While people can sit around endlessly debating how to reduce greenhouse gas emissions, a smaller-scale solution that can have a huge impact is designing homes that can adapt to climate change. These issues won't go away, and people can either adapt or wait for disaster to strike without preparation.
Climate change has long been a concern for scientists and the intellectual community. It has taken quite a long time, however, to enter the public discussion as a serious issue. Now, talk about climate change is finally breaking through around the world.
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Proactive adaptation is key to surviving the future impacts of climate change, and it can start right in the home. Here are some suggestions for designing a house that can survive the worst of what climate change brings:
As temperatures rise, homes need to adapt to the heat.
Design Buildings With Cooling-Load Avoidance
Increased solar radiation means newer structures will have to compensate for the solar gain on their east and west sides. There are many ways to solve this, both internally and externally.
The building's shape could be designed to allow shade in the areas that receive the most sun. If the building shape does not take shade into account, external devices could be installed for shading. The use of reflective roofs, more insulation and large windows could reduce the amount of heat the buildings absorb.
Use High-Efficiency Equipment
Most things we use on a daily basis require electric power. Some of them, however, aren't that efficient when it comes to energy use. This results in large amounts of waste heat that are put out by an inefficient device.
Equipment is frequently replaced, and choosing efficient equipment before building design can spearhead a climate-change proof building project.
Use More Landscaping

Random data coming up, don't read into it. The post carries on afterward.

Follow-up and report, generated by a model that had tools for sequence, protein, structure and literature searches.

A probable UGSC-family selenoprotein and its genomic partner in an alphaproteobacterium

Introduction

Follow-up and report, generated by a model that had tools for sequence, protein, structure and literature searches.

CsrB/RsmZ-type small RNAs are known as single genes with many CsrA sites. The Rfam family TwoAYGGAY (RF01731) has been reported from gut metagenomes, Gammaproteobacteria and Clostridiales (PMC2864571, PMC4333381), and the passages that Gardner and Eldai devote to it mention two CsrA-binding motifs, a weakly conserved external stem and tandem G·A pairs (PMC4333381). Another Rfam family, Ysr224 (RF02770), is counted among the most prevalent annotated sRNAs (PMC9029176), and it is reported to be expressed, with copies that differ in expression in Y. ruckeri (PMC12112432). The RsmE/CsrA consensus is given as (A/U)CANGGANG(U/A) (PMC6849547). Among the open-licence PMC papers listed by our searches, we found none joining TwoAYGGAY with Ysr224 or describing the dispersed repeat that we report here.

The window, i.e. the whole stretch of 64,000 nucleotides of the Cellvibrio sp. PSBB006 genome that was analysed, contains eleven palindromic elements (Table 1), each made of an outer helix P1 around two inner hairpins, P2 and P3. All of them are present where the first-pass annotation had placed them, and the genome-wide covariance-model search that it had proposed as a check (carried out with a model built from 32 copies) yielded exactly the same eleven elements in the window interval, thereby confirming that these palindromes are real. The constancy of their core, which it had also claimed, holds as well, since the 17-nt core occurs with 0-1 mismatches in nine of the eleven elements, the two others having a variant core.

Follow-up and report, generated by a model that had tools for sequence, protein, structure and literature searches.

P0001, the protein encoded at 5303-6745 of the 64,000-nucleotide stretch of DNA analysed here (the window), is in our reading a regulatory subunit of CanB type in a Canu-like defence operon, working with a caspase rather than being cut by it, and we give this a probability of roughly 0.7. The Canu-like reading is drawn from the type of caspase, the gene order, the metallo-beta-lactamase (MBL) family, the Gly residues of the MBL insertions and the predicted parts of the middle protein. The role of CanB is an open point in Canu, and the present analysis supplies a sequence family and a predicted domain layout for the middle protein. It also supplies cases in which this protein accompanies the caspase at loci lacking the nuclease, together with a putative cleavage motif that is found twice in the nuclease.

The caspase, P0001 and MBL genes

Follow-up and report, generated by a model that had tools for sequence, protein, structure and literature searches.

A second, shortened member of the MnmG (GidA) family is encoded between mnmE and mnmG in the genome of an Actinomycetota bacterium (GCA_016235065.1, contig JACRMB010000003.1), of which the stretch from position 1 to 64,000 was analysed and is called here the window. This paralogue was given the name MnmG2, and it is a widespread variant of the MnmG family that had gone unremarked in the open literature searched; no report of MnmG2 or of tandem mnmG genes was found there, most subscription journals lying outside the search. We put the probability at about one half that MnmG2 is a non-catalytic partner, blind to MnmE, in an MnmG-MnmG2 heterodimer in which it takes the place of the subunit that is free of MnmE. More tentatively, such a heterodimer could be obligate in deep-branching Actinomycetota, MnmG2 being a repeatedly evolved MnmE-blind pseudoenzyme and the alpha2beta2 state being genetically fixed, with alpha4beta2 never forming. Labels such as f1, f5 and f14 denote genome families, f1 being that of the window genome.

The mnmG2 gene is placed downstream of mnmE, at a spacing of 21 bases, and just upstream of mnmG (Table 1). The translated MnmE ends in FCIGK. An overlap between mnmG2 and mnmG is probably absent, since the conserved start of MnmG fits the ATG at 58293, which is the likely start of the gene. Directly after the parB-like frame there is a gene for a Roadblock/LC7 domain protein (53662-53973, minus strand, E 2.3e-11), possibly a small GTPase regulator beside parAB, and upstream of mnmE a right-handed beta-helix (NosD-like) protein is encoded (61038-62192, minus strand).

Nature is especially great for cooling down buildings. Trees and green roofs help control heat gain and can even channel breezes for natural ventilation. Plus, they make the external appearance more beautiful.
Here’s what to do to combat dry conditions.
Avoid Overdevelopment in Dry Regions
You would think this would be a no-brainer, but the houses and business parks just keep popping up. In some places, developers must prove there will be an adequate water supply for a certain amount of years after the house is built.
Unfortunately, this isn't yet enough to combat the growing cities out west that are well on their way to running out of water.
Implement Greywater Separation
All the wastewater from your house, excluding toilets, can be recycled and used again. It is easier to treat because of the low levels of contaminants in the water. It can be reused for irrigational purposes, as flushing toilet water and can even be harvested for heat.
Although greywater reuse is still a relatively new concept and is currently starting to gain ground in some states, it won't be a surprise to see a widespread acceptance of this technique in the future.
Rainwater can be used for a number of purposes: outdoor irrigation, toilet flushing and even for potable use. It is still illegal in some states, but as those states face water shortages, they will likely turn to this strategy.
Flooding and Storm Protection
Protect your home from rising tides.
No Building in Flood Zones
Following the old plan of 100-year flood zones may not be enough when flood warnings are issued more often. Buildings should be either excluded from flood zones in a best-case scenario, or guaranteed to be protected over extended time periods, perhaps up to 500 years.